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DIFFERENTIATION: ARE PRODUCT, BRAND AND SERVICE STILL ENOUGH, Written By Daniel Park, Associate Consultant, B2B International Ltd
I am very pleased to have been asked to guest-write for the “White Paper” series of B2B International. This series aims to exchange ideas and stimulate thought rather than provide research-based academic discourse. My paper is therefore deliberately speculative. I hope it will provoke thought on a subject - differentiation - that I believe is undergoing interesting change. This text is relatively short and does not contain the customary multiplicity of references and footnotes, but rather draws at certain points on a small selection of publications that I consider shed light on to the question of the changing nature of differentiation.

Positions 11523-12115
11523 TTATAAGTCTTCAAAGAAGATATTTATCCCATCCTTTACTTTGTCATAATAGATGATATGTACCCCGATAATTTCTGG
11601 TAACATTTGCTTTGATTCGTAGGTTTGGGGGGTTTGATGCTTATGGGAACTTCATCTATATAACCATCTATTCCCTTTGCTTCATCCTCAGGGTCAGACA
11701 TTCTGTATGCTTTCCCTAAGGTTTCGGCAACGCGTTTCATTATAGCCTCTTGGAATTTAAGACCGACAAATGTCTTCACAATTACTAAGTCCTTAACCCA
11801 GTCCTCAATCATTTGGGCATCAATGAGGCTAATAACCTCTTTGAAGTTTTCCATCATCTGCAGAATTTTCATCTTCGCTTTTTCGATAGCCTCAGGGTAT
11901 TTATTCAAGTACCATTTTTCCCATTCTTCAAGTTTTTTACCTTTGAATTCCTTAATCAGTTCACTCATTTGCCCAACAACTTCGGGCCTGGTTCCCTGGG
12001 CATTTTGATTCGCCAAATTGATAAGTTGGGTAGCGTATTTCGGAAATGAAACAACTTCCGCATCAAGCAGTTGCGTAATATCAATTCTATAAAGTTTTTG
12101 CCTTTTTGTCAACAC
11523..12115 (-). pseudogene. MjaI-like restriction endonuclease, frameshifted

Marketers are constantly searching for differentiation. Unless a company has a genuine scientific or technological advantage, preferably one that can be protected by a patent, competitors can more often than not match any incremental change in an ever-shortening time-scale. Taking cost out of an operation, maybe through new tools and techniques in operational management, relocating production to areas of lower labour cost, or a combination of both, likewise creates advantage that can be sustained only over a relatively short time. This is true of manufacturing and service industries alike. It is why so much manufacturing has migrated into China and so much software development and IT-based services have migrated into India.